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FAQ | TYPES OF SURFACTANTS

Frequently asked questions about surfactant classification, key performance indicators, and more.

What is a surfactant?

Surfactants are unique organic molecules that are made up of a polar hydrophilic and a non-polar hydrophobic component. The action-end of the molecule is the polar head group which is often anionic or cationic in nature.  The hydrophobic portion of the molecule is generally a long-chain hydrocarbon. 

How are surfactants classified?

There are two types of surfactants: ionic and non-ionic.  

Ionic surfactants are known by the charge on their polar head-groups, and they include both anionic (negative charge) and cationic (positive charge) surfactants.  The non-polar hydrophobic tail is typically a long-chain hydrocarbon, often derived from natural products such as fatty acids and alcohols.  

The largest category of surfactants is anionic, which dissociate in water into negatively charged head-groups.  Examples of anionic surfactants include sulfates (-SO4-), sulfonates (-SO3-), carboxylates (-CO2-), and betaines (-N+R2-R’SO3-). The counter ions are usually ammonium, sodium, or potassium cations.  

Conversely, cationic surfactants dissociate in water to positively charges head-groups such as quaternary ammonium salts (-R’N+R3-).  Amphoteric surfactants have a dual charge, both positive and negative, on the head position of a hydrophobic molecule end, such as sulfo-betaines (-N+R2-R’SO3-). The positive and negative charges neutralize each other, creating a net-zero charge.  If the hydrophilic end has no charge, the surfactant is called non-ionic.  Non-ions are often used as cosurfactants.

What are the main functions of surfactants in emulsion polymerizations? 

At concentrations above their critical micelle concentration (CMC) in water, surfactants form micelles, which are entities capable of solubilizing vinyl and acrylic monomers.  The monomer polymerizations take place in the surfactant stabilized spherical micelles.

The surfactant must enable a fast rate of polymerization, minimize coagulum in the process, control viscosity during polymerization, and contribute to the performance of the final polymer. Emulsion polymer performance attributes include stability, gloss, physical properties, and water resistance. Anionic surfactants are the preferred type of surfactant in emulsion polymerizations, with lauryl (dodecyl) sulfates, alpha-olefin sulfonates, and fatty acids being among the most common and economical.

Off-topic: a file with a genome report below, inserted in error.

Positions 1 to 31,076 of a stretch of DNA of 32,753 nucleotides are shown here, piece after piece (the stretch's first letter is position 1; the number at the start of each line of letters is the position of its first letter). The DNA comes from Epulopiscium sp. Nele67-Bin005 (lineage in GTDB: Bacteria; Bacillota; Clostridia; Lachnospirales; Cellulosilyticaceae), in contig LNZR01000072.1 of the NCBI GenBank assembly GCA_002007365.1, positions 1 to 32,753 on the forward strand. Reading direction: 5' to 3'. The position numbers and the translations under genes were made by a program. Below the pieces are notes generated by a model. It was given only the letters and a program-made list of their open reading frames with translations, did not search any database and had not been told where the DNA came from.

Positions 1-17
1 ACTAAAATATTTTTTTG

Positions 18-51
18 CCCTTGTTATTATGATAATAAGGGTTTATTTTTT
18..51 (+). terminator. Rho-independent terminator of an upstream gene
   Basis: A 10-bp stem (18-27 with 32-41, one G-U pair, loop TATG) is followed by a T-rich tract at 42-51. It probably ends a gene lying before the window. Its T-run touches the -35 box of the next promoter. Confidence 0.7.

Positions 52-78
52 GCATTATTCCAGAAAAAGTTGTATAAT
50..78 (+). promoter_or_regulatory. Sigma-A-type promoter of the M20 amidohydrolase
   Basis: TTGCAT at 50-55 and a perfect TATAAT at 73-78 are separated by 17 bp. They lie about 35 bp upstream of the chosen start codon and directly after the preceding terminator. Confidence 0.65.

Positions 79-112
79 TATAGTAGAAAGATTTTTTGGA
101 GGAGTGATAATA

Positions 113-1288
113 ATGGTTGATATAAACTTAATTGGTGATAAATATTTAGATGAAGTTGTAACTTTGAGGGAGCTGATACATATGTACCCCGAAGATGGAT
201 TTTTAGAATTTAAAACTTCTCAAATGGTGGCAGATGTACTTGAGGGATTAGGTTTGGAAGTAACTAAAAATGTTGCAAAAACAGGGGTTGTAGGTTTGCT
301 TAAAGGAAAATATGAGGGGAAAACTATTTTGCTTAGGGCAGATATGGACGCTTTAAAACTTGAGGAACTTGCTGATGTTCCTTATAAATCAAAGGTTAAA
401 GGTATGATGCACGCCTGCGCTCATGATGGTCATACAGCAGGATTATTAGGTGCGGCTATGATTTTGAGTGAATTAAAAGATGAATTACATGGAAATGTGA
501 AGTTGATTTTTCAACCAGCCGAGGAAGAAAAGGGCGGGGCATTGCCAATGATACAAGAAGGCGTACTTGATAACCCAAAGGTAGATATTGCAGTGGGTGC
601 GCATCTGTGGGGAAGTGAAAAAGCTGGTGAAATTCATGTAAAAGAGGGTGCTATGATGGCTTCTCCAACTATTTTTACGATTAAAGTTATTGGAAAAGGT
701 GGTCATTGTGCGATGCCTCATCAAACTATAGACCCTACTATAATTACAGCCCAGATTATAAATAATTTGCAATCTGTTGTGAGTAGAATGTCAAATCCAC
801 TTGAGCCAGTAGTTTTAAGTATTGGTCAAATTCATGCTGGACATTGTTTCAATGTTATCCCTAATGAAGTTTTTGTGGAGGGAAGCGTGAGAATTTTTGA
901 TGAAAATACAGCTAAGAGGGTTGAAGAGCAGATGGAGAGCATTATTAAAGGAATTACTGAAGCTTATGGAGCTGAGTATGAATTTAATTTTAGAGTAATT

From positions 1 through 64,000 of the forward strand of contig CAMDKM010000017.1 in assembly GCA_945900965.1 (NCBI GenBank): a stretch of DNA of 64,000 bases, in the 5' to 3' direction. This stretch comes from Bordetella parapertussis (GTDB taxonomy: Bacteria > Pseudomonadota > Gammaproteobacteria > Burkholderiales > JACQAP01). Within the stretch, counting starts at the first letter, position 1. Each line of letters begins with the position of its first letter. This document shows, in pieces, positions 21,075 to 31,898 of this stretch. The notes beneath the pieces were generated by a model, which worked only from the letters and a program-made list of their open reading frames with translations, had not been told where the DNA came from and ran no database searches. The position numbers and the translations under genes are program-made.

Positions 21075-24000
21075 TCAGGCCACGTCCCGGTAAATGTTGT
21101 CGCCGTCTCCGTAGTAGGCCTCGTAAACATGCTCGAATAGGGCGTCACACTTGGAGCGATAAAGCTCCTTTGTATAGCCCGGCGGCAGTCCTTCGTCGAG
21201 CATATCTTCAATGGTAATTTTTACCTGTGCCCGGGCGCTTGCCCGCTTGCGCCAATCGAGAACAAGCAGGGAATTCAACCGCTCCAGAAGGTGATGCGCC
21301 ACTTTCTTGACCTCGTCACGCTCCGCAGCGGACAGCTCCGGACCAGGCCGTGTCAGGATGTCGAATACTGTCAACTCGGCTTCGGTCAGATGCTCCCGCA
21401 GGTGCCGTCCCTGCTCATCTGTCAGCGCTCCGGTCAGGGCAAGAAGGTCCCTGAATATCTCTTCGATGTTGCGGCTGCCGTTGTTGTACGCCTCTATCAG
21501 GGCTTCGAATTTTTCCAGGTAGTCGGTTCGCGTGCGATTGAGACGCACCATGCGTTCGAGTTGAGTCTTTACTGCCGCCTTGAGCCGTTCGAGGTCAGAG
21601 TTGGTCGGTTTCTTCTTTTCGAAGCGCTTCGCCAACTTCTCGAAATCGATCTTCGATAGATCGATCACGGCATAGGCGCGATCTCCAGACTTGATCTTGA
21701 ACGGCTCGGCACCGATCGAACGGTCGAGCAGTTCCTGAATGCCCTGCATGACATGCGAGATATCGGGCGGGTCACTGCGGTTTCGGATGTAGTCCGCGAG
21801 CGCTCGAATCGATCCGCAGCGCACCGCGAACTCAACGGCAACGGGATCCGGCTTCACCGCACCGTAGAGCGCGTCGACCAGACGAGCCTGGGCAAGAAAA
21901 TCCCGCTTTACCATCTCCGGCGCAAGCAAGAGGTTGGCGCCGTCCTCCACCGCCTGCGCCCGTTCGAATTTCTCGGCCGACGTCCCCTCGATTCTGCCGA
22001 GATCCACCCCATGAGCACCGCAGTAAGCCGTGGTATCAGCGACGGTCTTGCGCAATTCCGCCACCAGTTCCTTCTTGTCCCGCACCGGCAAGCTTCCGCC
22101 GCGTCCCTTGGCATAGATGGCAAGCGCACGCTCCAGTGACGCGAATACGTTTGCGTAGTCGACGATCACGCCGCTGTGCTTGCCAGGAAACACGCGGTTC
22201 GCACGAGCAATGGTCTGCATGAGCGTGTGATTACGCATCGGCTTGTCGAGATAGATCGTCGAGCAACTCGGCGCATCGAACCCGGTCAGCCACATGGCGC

What are key performance indicators (KPIs) for surfactants?

KPIs for anionic surfactants used in emulsion polymerizations include the following:

  1. Required Critical Micelle Concentrations (CMC)
  2. Rates of polymerization (high rates are desirable)
  3. Complete monomer conversions 
  4. Control of micelle particle size and polymer MWD uniformity
  5. Latex stability and coagulum control 
  6. Film forming characteristics of the emulsion polymer
  7. Polymer performance properties including water resistance, clarity, and adhesion

Surfactant-stabilized emulsion polymerization is an important technique for preparing waterborne latexes, which are the basis for many paint and coating systems, adhesives and sealants, and inks. The main functions of surfactants in CASE applications are to emulsify water-insoluble, hydrophobic monomers to facilitate polymerizations in an emulsion state, and to stabilize suspensions of the resulting synthetic polymers so they can be stored, formulated and applied.  

In conventional emulsion polymerizations, selection of the correct surfactant type is critical. Gantrade, in collaboration with Tiarco-RST, offers a broad range of surfactants that exhibit excellent stabilization properties in the manufacture of acrylic, vinyl, vinyl-acrylic, styrene-acrylic, and many other polymer systems, and contribute to improved end product performance.

What is the Gantrade-Tiarco value proposition for surfactants?

Our surfactants portfolio has a product for a wide range of applications in the emulsion polymerization, paints and coatings, adhesives and sealants, inks and related applications. The emulsion polymer experts and chemists at Tiarco are always available to assist customers with any formulation challenges and new product developments. Combining technologies from across their leading-edge chemistry portfolios can offer products with distinctive performance properties.

Tiarco employs a unique sulfation technology based on chlorosulfonic acid (CSA).  This environmentally-friendly, advanced manufacturing technology yields higher-quality sulfated surfactants, with excellent consistency and minimal waste and clean-up requirements.  In addition, Tiarco’s CSA sulfation technology enables short turnaround times and greater flexibility in manufacturing.  Accordingly, our partners can custom-synthesize or blend a wide variety of unique formulations to meet your special requirements, within strict quality limits.  Production capacities span small and large quantities.

Whatever your specialty surfactant requirements, we welcome the opportunity to work jointly to enhance the performance of your products. Contact Gantrade today to get started. 

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